Thursday, April 26, 2012

9 year old with severe anger problems

My 9-year old son is struggling with severe anger problems.  From the time he was born, we could see in him a spirit of anger and discontent.  As he grew older... it became more and more evident.  When he started kindergarten he was diagnosed with ADHD and ODD.  We've tried medication that worked for a while, but recently (last few months) things have taken a big turn for the worse.  He is angry almost constantly, and often erupts into HUGE outbursts where he screams, rages, and says horrible, horrible things.  Nothing will soothe him.  The only thing we've found is to completely ignore the behavior… which is almost impossible as we have other kids and a life to live!  He seems to function okay at school, but at home he's almost impossible to live with.

We've tried rewards systems, we've tried discipline, but nothing seems to work.  He just seems to be constantly filled with anger.

We're talking to a psychiatrist and psychologist, but I saw your site and thought I'd ask if you had any advice.

 Hi, It sounds extremely difficult because of the frequency and severity of your son's outbursts.  I'm glad you are checking with clinicians in your area.  Children with anger overload can have additional diagnoses such as pediatric bipolar disorder or autistic spectrum disorder, and you would want to rule out these additional diagnoses.  If your son met criteria for those diagnoses, it would alter the approach both in terms of medications and in terms of psychotherapy.

If your son has ADHD, there would usually be signs in the classroom, such as distractability or impulsivity.  If so, ADHD medication should be considered.  If no signs in school, then I would not recommend ADHD meds.  For ODD, you would expect oppositional behavior in more than one setting, i.e. in school as well as home.  If your son does not get into arguments, refuse to cooperate, or get angry in school, then again I would be cautious about diagnosing him with ODD.  Your description sounds like there could be a mood disorder.  Some children respond to antidepressants and some respond to bipolar medications, depending on the diagnosis.  Ask your local clinicians what they think.  My book "Your child is defiant:  Why is nothing working?" looks at the different possible diagnoses underlying angry, defiant behavior.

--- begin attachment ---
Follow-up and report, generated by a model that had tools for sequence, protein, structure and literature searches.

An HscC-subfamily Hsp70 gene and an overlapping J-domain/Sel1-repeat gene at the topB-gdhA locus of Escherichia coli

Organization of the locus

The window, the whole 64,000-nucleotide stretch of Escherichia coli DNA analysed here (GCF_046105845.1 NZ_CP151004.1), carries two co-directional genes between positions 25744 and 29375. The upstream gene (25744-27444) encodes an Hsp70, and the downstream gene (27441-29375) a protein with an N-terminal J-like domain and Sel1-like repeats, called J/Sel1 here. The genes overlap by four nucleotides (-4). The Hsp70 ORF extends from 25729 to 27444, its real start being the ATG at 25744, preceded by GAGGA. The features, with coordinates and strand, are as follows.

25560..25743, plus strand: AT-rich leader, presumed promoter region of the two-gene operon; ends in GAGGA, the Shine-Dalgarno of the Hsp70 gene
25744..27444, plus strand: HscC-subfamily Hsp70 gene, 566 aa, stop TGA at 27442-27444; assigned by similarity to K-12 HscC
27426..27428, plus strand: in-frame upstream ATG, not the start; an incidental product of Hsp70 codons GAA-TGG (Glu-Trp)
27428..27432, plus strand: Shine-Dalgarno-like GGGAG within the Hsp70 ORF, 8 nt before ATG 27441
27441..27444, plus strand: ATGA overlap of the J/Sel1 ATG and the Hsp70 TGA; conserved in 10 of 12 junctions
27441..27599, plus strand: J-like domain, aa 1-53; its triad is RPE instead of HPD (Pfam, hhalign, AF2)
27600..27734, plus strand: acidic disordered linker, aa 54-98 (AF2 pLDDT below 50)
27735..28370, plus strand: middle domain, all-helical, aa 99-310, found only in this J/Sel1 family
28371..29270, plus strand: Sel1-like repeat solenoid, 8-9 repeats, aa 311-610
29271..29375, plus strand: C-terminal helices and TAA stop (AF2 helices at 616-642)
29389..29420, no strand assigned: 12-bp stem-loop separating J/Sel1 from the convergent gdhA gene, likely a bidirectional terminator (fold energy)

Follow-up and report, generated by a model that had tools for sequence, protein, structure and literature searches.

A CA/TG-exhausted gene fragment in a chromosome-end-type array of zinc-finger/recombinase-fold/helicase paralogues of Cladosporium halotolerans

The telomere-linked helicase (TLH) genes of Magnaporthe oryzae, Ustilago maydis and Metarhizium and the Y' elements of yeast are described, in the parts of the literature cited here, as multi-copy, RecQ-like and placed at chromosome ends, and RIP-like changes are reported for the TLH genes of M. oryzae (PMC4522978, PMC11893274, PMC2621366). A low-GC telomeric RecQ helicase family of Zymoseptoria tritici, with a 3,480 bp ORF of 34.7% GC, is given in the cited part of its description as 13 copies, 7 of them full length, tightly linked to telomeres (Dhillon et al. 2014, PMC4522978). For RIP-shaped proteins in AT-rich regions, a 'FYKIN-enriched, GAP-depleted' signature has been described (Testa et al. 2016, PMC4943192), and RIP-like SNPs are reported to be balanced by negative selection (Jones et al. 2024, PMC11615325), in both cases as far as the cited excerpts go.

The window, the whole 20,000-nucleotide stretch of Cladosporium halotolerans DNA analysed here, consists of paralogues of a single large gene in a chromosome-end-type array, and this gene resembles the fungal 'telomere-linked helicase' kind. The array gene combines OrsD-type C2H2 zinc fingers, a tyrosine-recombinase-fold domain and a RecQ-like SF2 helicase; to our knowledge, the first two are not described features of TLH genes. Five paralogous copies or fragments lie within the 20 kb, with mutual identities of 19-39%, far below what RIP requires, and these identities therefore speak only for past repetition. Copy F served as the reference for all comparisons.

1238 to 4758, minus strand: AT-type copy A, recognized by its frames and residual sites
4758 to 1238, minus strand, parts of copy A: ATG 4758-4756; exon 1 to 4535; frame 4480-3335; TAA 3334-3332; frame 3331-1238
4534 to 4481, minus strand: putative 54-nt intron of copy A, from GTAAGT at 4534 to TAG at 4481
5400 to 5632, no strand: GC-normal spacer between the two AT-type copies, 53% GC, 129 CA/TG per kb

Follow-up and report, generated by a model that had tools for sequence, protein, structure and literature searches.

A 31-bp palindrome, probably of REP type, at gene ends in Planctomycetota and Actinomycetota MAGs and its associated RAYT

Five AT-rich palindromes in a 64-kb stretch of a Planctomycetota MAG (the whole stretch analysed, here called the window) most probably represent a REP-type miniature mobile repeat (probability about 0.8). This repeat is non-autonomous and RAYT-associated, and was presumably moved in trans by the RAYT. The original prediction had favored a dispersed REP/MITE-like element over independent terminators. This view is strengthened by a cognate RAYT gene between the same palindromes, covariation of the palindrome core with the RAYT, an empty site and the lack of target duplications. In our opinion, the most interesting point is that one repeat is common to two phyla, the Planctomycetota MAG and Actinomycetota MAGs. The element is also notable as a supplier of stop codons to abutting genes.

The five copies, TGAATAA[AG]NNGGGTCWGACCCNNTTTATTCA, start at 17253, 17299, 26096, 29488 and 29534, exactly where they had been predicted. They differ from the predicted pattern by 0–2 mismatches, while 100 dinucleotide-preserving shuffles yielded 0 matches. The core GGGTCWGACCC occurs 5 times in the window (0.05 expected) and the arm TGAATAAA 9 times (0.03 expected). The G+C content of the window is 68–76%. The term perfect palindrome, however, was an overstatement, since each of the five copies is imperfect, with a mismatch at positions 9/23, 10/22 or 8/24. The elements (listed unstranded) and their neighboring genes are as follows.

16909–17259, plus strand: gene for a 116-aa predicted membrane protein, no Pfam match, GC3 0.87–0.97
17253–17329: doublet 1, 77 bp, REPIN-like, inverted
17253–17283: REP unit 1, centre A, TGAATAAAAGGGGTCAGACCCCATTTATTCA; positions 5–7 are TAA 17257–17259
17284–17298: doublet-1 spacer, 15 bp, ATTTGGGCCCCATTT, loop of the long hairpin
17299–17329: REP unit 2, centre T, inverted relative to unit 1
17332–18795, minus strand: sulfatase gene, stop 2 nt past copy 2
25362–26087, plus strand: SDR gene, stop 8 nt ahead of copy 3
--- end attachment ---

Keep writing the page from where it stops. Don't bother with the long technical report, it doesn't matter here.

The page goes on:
For anger overload, my new manual "Anger overload in children:  A parent's manual" outlines steps you could take to help, but it takes time, as I'm sure you realize by now.  It is important to try to catch it early sometimes, or work around sore spots, because you want to lower the frequency and intensity of outbursts.  So observe what some of the triggers are and try to avoid them.  I know this is not always possible, and maybe not even possible most of the time, but if you can lower the level of outbursts somewhat, it is easier to proceed with the other steps in the manual.  You are right that in the middle of an outburst, your child is on overload and is not thinking rationally, so will not respond to incentives or consequences at that time. 

The key is what you do before the outbursts and what you do after he has calmed down.  I give you a number of strategies in my manual which then over time will help lessen the frequency and intensity of your son's outbursts.   Strategies include changing the sequence leading up to an outburst, emotional distraction techniques, how to use praise and consequences, developing your child's self-observation skills, and teaching your child about other points of view and how to compromise.  In the manual I offer specific instructions with worksheets for each of the strategies.  It will take several months unfortunately, but it is well worth it.  Self-control is as important as learning to read.  Try some of the suggestions in the manual and/or see what your local clinicians recommend.  Let us know how things go, Dr. Gottlieb

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